Exit at County Hall: Miami-Dade mayor loses top deputy
Deputy Mayor Chip Iglesias’ resignation comes days after Mayor Carlos Gimenez’s chief of staff also stepped down.
07/23/2014 11:10 AM
07/23/2014 6:26 PM
Another top aide is leaving the office of Miami-Dade County Mayor Carlos Gimenez.
Deputy Mayor Chip Iglesias will head to the private sector after July 31. He resigned just a week after Chief of Staff Lisa Martinez said she too would step down.
“It has been an extremely difficult decision,” Iglesias, whose first name is Genaro, wrote in the July 17 letter, noting that in June he marked 33 years of public service. He didn’t specify where he will work next.
Martinez resigned July 9, though she will remain at County Hall through Aug. 4. She has said she is a finalist for chief executive at a children’s nonprofit.
Iglesias’ departure from his $225,000-a-year job has been rumored for weeks. He is widely expected to be heading to a lobbying firm. Iglesias most recently headed the administration’s negotiations with David Beckham’s representatives over a possible Major League Soccer stadium.
Gimenez said he accepted Iglesias’ resignation “with mixed emotions.”
“Chip has an exemplary record of public service to our community that dates back several decades,” the mayor said in a statement. “Chip has always placed service to others at the forefront of his professional career and he will be missed. He is a long-time adviser and friend, and I wish him all the best as he takes his skills and talents to the private sector.”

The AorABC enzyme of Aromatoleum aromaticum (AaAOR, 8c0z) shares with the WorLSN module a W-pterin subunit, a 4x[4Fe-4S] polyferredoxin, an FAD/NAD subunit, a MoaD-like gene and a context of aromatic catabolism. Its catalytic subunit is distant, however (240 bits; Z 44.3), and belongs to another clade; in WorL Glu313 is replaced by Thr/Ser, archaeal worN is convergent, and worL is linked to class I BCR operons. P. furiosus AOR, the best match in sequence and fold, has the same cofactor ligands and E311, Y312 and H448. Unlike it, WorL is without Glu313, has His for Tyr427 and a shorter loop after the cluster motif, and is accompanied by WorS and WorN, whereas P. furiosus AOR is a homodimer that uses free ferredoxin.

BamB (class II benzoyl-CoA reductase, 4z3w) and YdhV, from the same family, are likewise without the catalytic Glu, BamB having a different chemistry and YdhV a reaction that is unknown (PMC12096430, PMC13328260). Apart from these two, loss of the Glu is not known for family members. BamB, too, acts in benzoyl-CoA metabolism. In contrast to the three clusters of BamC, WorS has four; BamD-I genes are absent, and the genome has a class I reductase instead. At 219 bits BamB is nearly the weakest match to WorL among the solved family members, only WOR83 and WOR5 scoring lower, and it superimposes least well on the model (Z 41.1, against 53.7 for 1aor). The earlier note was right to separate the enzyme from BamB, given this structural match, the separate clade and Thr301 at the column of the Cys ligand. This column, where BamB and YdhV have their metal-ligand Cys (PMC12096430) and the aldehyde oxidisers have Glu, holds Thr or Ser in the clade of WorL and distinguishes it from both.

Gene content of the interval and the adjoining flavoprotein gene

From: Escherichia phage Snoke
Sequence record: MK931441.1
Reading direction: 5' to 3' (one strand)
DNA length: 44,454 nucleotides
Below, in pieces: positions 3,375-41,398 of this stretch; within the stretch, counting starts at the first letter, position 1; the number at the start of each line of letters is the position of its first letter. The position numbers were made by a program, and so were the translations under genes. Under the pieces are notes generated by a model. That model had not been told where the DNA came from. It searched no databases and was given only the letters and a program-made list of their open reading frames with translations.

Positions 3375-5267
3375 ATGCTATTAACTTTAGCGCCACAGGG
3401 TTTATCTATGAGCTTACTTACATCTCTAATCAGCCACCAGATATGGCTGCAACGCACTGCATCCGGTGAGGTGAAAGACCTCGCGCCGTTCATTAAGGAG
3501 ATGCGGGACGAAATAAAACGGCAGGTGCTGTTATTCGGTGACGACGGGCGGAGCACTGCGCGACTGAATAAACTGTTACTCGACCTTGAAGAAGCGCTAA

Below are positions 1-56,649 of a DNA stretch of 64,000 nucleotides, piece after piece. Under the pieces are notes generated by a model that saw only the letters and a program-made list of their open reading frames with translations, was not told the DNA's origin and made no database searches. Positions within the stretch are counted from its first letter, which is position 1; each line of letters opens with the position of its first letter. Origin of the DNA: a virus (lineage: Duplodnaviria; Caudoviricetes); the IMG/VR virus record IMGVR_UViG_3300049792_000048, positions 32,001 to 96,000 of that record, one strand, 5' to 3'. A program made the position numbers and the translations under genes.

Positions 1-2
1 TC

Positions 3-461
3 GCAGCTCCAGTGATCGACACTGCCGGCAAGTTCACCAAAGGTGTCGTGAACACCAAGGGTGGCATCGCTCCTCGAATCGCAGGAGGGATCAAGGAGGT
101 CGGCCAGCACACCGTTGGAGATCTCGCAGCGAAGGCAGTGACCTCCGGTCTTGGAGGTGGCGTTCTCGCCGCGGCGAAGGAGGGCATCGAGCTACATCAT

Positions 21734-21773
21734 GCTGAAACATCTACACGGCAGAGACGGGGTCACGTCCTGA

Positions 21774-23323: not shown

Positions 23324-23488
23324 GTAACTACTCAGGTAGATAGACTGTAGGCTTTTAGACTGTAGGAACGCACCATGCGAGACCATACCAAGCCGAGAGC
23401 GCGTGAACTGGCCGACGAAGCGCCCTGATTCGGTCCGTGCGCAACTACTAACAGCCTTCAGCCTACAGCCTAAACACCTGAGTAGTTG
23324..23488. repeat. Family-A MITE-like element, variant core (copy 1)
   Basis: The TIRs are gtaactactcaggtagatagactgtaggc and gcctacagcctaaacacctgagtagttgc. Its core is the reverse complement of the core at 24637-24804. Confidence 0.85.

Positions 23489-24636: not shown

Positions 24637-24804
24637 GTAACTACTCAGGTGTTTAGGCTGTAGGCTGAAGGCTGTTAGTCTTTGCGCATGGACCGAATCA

The Iglesias and Martinez resignations come in the middle of the county’s contentious budget-writing season. Gimenez has proposed laying off nearly 600 workers if labor unions don’t agree to concessions on pay and benefits in new contracts. Among the potential layoffs are about 230 positions in the police department, which Iglesias oversees.
Alex Ferro, has been named as Martinez’s successor. Gimenez’s office said Wednesday that another deputy mayor, Russell Benford, would take over Iglesias’ public-safety portfolio. A community outreach department he oversees would move to communications chief Mike Hernández.
Earlier this year, Gimenez lost his former communications director, Fernando Figueredo, to Florida International University, and his chief spokeswoman, Suzy Trutie, to the county-owned Vizcaya Museum & Gardens.
Gimenez will be losing one of his longest-tenured advisers in Iglesias, who has been part of the administration since 2011. The two men have known each other since their days as city of Miami firefighters. Iglesias was Gimenez’s chief of staff when Gimenez became city manager and later county commissioner.
“I would like to express my gratitude to you for having the confidence in me to assist in your transition when you were elected Mayor and for the opportunity to be part of your executive team,” Iglesias wrote. “I am most fortunate to have worked with such a dedicated and professional Miami-Dade County workforce.”
After Gimenez’s mayoral election, Iglesias, who was then Key Biscayne’s village manager, became chief of staff as part of an unusual arrangement in which Iglesias took on deputy mayor duties at the same time. He took on the deputy mayor job full-time earlier this year.
In his letter, Iglesias called the employees he supervised “true professionals and committed public servants.”
“Many are at risk of injury, illness or death every day,” he said. “I salute them.”
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